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Old 5th November 2013, 15:56   #46
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Default Re: Why are most European cars Unreliable in India

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Originally Posted by eq24 View Post
As some one rightly pointed out what happens when in a few years our markets really mature and people realise that a European car for all its niceties is a nightmare to own and the Jap/Korean competition is so much better.
Realisation methinks has already dawned on this fact in our market.
Look at the sales of the Jap/Korean hatches and small and mid sized sedans vis a vis their European counterparts.

This thread brings very aptly brings out all my desires and fears - I would also have considered a European car when I changed mine last year, but for those fears (of costs and reliability issues).
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Old 5th November 2013, 17:17   #47
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Default Re: Why are most European cars Unreliable in India

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While I agree with other points in your post, not sure about these two. I'm quite certain the european cars in our country are less abused compared to japs and koreans. Their reputation as high maintenance vehicles preceeds them, and euros are (arguably) generally purachased by city dwelling educated folks.
Who give it to their chauffeurs.
I live in Mumbai. Half the cars are germans around where I live and work.
But they are always driven by the driver - who typically enjoys exploiting the brand value and dynamics (and of course the horn), or kept parked on the side for that odd drive because the owner is too scared to drive it everyday.
Either circumstance isn't too comforting.
I've educated my driver on how to use the DSG, but then again, there are many of my friends - who still won't put the DSG in 'N' at a signal on their cars. I can only assume their drivers are worse.

Also, I have seen many owners buy these cars only for their highway trips because they can handle the roads better - because these cars with their suspension can handle the worst of roads in comfort and higher speeds. But the damage from those bumps and potholes would still be taking place.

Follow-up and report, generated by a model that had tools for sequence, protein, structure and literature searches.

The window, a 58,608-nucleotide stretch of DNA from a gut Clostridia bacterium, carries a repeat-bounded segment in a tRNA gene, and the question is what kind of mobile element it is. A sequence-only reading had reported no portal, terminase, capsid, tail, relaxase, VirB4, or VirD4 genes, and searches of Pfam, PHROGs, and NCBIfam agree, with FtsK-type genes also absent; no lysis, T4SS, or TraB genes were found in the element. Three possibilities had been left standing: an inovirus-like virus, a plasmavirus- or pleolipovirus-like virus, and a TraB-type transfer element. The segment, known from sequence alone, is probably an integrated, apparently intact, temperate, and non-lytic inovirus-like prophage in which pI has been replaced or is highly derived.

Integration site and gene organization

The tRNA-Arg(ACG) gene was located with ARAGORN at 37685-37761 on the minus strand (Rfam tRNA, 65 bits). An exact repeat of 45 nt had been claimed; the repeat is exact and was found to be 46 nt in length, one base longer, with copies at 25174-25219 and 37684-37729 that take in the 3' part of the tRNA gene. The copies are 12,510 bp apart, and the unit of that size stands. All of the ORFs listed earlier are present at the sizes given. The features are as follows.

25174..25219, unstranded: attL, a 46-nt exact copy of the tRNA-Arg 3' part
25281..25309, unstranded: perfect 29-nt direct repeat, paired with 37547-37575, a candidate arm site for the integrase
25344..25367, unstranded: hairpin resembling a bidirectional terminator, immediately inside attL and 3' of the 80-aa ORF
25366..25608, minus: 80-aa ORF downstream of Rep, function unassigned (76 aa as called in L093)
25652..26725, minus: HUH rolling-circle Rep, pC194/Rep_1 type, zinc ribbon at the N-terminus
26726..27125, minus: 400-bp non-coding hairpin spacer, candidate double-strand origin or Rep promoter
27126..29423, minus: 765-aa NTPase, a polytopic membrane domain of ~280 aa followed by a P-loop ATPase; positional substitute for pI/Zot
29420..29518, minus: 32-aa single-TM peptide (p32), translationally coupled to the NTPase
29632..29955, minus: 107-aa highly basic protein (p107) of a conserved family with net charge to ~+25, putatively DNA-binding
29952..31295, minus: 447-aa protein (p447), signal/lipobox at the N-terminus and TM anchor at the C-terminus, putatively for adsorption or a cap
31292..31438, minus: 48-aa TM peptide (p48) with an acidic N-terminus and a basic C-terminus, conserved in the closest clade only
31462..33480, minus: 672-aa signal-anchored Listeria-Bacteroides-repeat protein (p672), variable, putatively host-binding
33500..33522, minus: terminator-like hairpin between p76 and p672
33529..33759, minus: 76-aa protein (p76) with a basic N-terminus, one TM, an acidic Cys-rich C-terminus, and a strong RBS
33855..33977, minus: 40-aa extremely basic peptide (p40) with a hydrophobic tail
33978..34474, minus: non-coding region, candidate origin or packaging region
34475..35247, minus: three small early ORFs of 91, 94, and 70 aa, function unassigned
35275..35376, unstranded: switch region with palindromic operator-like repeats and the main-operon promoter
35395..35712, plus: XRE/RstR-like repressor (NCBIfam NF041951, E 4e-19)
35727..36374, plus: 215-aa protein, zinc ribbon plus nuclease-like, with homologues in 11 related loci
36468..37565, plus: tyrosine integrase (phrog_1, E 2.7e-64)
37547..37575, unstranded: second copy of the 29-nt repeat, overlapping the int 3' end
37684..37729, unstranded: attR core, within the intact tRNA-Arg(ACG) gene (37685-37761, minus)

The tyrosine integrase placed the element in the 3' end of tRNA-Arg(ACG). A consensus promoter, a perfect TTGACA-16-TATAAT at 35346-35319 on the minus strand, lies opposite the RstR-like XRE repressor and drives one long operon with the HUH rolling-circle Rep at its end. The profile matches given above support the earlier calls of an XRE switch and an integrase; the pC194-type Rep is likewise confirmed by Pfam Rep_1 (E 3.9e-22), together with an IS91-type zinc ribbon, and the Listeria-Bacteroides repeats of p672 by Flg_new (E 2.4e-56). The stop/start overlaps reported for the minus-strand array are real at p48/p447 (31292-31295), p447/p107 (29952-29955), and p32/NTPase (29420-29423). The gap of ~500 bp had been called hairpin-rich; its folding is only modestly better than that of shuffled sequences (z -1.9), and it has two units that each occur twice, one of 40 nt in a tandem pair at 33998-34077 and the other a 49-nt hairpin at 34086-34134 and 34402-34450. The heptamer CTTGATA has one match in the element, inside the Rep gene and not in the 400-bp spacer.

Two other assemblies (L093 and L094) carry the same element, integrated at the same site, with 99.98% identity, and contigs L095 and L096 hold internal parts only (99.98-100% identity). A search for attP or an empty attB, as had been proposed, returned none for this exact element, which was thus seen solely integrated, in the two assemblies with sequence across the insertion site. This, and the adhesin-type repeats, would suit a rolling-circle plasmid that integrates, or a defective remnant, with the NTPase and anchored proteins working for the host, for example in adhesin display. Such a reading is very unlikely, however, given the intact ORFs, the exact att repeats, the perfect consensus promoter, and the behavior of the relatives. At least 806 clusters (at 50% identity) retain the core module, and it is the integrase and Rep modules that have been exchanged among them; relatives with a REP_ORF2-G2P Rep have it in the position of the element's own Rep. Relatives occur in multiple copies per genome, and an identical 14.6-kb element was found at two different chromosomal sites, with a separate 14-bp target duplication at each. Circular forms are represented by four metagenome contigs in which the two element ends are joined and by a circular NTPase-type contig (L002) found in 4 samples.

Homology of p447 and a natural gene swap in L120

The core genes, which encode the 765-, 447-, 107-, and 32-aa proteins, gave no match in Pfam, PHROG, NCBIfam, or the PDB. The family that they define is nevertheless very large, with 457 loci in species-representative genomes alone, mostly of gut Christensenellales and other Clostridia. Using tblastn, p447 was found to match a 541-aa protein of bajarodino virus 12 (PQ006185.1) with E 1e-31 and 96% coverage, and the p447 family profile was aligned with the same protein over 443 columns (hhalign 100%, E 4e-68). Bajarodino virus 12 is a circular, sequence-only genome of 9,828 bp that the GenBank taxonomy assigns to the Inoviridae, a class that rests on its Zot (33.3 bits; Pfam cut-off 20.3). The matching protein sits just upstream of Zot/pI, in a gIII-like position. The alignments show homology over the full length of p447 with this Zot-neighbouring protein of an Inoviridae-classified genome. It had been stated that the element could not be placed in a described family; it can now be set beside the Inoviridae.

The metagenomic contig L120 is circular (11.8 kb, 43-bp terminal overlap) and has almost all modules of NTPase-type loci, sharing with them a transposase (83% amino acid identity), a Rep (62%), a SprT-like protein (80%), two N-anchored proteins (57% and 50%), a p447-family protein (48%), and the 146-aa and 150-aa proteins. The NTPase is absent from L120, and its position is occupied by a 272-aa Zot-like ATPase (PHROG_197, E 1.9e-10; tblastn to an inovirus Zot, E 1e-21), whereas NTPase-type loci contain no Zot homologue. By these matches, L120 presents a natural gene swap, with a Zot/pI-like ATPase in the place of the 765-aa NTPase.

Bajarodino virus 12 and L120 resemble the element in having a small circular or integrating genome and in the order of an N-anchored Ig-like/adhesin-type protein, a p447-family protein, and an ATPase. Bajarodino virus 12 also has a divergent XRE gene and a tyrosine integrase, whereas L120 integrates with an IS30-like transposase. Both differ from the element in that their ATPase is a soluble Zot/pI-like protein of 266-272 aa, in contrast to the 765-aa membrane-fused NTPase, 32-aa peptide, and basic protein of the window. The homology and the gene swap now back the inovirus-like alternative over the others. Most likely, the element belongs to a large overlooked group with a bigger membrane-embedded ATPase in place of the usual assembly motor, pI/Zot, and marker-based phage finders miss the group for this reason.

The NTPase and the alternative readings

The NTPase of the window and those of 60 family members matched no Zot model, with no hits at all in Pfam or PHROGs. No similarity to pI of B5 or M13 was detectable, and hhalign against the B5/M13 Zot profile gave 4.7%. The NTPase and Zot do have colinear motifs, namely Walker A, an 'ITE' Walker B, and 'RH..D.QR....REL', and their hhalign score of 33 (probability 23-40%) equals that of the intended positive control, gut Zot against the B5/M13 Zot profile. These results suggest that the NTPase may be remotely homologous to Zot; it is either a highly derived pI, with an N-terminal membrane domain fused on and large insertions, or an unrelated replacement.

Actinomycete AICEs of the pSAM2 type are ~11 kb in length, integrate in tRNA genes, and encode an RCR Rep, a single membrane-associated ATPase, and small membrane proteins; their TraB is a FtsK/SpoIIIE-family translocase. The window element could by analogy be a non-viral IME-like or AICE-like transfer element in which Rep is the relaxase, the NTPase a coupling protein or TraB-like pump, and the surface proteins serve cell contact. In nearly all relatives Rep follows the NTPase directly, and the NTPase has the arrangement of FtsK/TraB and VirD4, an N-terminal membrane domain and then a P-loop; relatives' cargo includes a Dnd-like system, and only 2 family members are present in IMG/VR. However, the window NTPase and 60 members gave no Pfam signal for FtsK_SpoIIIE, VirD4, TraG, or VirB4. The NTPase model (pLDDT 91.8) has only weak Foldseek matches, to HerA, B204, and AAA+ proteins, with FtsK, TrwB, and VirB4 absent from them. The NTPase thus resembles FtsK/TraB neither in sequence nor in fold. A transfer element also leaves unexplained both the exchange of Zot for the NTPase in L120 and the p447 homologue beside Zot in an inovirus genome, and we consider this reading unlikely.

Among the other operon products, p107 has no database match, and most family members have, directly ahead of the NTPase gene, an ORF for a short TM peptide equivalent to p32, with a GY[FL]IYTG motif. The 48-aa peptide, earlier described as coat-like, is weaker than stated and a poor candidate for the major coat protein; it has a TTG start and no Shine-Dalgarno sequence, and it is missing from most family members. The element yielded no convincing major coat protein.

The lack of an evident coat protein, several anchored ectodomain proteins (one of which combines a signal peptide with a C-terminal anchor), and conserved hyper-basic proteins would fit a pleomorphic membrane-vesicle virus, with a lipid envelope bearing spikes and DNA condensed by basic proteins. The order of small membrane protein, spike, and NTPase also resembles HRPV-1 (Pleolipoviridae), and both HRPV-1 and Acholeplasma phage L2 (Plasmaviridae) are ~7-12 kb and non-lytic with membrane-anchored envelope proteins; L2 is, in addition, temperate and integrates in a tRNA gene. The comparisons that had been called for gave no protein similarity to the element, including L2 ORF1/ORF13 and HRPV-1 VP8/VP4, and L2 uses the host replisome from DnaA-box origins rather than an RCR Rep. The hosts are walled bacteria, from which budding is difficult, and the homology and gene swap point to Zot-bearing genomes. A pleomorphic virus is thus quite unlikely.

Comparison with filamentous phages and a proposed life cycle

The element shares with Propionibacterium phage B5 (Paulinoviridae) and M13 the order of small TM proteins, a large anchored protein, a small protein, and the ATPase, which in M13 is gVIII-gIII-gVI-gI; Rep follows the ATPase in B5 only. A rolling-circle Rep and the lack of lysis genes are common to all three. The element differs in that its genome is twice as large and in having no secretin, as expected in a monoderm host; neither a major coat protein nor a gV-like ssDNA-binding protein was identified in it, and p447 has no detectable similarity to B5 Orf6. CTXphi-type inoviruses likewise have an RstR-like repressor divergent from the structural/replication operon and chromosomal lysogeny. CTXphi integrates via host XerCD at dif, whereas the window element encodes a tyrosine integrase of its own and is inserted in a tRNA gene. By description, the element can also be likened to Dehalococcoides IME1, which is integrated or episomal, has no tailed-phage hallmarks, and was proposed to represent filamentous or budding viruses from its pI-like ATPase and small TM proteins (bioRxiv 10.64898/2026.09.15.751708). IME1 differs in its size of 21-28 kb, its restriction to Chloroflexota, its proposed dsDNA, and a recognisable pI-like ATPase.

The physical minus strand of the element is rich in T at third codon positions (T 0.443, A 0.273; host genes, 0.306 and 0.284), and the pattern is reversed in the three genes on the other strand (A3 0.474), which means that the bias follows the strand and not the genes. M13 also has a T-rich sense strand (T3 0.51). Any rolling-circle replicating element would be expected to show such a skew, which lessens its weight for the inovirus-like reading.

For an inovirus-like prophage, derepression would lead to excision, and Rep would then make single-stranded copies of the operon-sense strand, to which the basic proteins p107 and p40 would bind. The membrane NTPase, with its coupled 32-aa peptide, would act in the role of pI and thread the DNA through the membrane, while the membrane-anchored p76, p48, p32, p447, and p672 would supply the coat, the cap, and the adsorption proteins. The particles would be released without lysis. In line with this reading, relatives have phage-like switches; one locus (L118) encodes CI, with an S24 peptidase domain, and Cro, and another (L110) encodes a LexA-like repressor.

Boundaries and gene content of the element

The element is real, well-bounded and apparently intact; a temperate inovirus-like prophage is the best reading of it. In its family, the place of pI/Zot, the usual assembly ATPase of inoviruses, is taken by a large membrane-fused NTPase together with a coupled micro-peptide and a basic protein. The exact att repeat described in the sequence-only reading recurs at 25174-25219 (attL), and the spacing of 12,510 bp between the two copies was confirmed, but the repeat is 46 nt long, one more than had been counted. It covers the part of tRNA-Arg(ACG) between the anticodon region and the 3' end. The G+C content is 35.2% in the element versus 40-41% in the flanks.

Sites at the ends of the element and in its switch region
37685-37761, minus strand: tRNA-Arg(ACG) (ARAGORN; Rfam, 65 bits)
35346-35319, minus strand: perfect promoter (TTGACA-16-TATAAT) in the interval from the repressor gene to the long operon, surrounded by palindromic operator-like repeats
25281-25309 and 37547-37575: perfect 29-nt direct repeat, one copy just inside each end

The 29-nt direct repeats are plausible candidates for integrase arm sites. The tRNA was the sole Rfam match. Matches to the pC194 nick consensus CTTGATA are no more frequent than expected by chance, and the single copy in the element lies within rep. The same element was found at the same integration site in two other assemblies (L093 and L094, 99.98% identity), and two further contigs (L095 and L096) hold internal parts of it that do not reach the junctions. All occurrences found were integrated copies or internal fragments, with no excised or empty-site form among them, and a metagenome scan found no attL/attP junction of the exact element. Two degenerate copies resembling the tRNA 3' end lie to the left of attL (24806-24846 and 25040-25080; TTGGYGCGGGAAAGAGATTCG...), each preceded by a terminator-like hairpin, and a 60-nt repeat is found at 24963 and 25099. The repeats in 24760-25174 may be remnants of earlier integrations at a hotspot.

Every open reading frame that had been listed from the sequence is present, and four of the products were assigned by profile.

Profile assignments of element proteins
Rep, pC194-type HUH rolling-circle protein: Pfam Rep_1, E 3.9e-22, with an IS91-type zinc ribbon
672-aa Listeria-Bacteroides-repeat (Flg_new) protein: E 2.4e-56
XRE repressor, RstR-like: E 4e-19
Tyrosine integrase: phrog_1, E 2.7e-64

Yes, they might be less abused than korean/jap suvs/muvs and taxis, but I think that many privately owned japs are quite well maintained in comparison. Just an observation on the roads, and among my friends.
Just as an example: Compare how Honda Accords/Camry's are driven in the city v/s a C/E/3/5/A4/A6. I am sure you will see more European guys trying to cut you off, or race, or fly over the next pothole.

High maintenance - is a relative term. Most owners are aware of the same, but don't mind paying 10-15K a year more in maintenance for a 20L car - the status symbol, build quality, dynamics, features just make it seem worth it.
Problems only arise when something major goes wrong - which brings us back to square 1.

Don't get me wrong - these cars are not very reliable to start off with. These manufacturers just want to up the other in terms of features, and don't have the same pursuit of perfection that you would find in a Japanese.
I am just saying, that due to poor customer education, and poor service quality of European brands it making it worse, along with the fact that their cars are designed for environments very different from where the bulk of their sales happen.
This is why the Vento will be much more reliable than the Jetta/Passat.

PS: We just got home an Etios, because at the end of the day - the japanese assurance is needed in a house full of Europeans.

Last edited by lamborghini : 5th November 2013 at 17:19.
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Old 5th November 2013, 19:45   #48
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Default Re: Why are most European cars Unreliable in India

In all such comparisons the first argument is that India is a very bad country for a car to live in. Well the fact is that
. Modern European cars have dismal reliability the world over, you have to just read the reliability surveys and the user forums. So it is not just in India.
. Indian climate is not all that bad compared to the rest of the world. The heat is there in US and middle east, the humidity is there at all the coastal regions in the world. In fact it rarely get below zero - a regular feature in West, and extremely taxing on the batteries and the engines. So Indian climate can not to be blamed.